Camurati-Engelmann syndrome (CES) is a rare disorder, either transmitted as an autosomal dominant trait or sometimes occurring de novo. It is of childhood onset and characterized by generalized bone dysplasia with widening of the diaphyses of tubular bones. The bones most frequently involved are the tibia, femur, humerus, ulna, radius, and the base of the skull. Clinically, patients present with bone pain, particularly in legs, muscle weakness and atrophy of, waddling gait, increased fatigability, headache, cranial nerve deficits, and delayed puberty. Radiographically, the shaft of long bones shows symmetric fusiform thickening of the cortex and widening of the medullary cavity. Vascular (Raynaud's phenomenon) and hematological (anemia, leukopenia, increased erythrocyte sedimentation rate) and features are commonly associated with the disease. The large variation of phenotypes within individuals and families, concerning the topography and symmetry of dysplasia, led some authors to consider CES and Ribbing disease as phenotypic variations of the same disorder. Clinical management relies on long-term treatment by corticosteroids which contribute to improvement of clinical and radiological signs. CES has been recently ascribed to mutations in a gene called TGFB1 (Transforming Growth Factor Beta 1). Camurati-Engelmann syndrome type II refers to cases where no mutation was found.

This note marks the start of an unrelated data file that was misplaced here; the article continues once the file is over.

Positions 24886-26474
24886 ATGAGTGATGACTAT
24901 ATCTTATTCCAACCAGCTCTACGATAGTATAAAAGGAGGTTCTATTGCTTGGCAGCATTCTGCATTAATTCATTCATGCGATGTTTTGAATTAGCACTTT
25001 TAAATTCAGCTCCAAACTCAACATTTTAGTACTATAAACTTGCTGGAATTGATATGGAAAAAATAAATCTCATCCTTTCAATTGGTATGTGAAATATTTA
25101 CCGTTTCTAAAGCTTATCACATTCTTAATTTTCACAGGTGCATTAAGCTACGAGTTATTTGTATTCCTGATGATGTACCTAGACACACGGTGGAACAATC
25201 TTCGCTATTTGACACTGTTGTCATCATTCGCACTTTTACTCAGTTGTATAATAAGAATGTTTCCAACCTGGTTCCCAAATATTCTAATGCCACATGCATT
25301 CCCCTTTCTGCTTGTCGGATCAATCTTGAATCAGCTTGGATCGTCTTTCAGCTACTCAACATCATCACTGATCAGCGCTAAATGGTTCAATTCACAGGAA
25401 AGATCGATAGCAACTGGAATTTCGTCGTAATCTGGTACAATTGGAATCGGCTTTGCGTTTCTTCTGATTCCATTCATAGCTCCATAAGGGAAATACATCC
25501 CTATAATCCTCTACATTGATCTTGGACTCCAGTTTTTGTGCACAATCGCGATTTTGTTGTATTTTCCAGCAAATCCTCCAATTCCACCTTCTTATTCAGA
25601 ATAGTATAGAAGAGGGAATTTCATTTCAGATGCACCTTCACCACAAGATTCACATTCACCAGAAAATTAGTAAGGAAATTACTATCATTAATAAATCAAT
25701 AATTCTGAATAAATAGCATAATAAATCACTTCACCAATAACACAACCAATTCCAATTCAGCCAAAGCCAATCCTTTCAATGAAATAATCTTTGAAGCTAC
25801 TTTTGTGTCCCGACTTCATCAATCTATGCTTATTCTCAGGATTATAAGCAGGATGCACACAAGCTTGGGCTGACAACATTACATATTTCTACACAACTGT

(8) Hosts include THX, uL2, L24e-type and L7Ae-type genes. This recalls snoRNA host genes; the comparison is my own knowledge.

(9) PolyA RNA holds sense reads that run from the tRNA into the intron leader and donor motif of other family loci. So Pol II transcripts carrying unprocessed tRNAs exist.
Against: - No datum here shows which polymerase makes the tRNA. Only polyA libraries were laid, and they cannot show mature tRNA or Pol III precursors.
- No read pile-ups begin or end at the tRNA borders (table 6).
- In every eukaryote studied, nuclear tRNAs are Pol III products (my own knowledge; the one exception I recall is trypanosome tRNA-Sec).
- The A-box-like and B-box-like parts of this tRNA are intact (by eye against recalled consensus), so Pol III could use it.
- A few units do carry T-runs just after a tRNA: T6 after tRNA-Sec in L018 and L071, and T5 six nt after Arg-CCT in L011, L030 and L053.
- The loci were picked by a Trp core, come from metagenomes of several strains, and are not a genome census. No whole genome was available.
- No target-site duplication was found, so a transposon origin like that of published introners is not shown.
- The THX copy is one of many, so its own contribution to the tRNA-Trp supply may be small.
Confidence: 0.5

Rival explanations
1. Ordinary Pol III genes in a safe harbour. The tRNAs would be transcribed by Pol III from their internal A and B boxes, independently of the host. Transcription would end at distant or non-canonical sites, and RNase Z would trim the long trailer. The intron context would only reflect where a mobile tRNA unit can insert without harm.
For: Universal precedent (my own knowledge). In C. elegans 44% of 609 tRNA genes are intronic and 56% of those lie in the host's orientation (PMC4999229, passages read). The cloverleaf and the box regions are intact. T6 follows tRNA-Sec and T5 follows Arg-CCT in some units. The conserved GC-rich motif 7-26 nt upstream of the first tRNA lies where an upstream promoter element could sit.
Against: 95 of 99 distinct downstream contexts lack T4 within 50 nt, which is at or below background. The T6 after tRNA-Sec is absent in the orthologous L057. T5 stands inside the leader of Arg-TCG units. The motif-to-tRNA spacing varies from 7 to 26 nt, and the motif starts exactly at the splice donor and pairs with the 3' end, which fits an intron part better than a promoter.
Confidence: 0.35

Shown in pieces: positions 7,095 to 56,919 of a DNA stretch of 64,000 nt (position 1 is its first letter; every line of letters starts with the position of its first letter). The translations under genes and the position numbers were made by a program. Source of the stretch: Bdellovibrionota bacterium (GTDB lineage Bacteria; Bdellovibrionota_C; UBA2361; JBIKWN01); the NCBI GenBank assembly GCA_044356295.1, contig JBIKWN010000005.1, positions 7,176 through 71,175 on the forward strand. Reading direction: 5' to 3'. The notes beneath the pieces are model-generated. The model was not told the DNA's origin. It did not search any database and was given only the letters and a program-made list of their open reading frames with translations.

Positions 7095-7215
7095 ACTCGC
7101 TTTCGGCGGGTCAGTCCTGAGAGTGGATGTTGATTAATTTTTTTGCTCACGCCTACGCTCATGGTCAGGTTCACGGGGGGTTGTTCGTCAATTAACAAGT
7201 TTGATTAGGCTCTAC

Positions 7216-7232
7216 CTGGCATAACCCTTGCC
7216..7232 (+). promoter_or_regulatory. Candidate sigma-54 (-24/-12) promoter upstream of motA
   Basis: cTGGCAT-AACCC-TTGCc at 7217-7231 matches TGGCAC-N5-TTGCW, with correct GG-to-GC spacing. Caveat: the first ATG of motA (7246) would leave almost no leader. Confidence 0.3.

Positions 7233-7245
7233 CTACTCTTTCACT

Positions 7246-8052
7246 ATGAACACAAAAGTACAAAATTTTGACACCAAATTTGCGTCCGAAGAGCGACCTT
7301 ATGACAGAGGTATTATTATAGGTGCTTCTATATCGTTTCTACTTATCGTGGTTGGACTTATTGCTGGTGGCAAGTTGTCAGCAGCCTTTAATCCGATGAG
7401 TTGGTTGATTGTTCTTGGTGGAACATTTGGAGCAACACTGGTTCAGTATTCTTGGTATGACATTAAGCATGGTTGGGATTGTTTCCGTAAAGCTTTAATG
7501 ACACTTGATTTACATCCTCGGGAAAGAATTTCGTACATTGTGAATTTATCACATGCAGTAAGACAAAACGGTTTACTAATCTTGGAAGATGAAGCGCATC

Last update: February 2005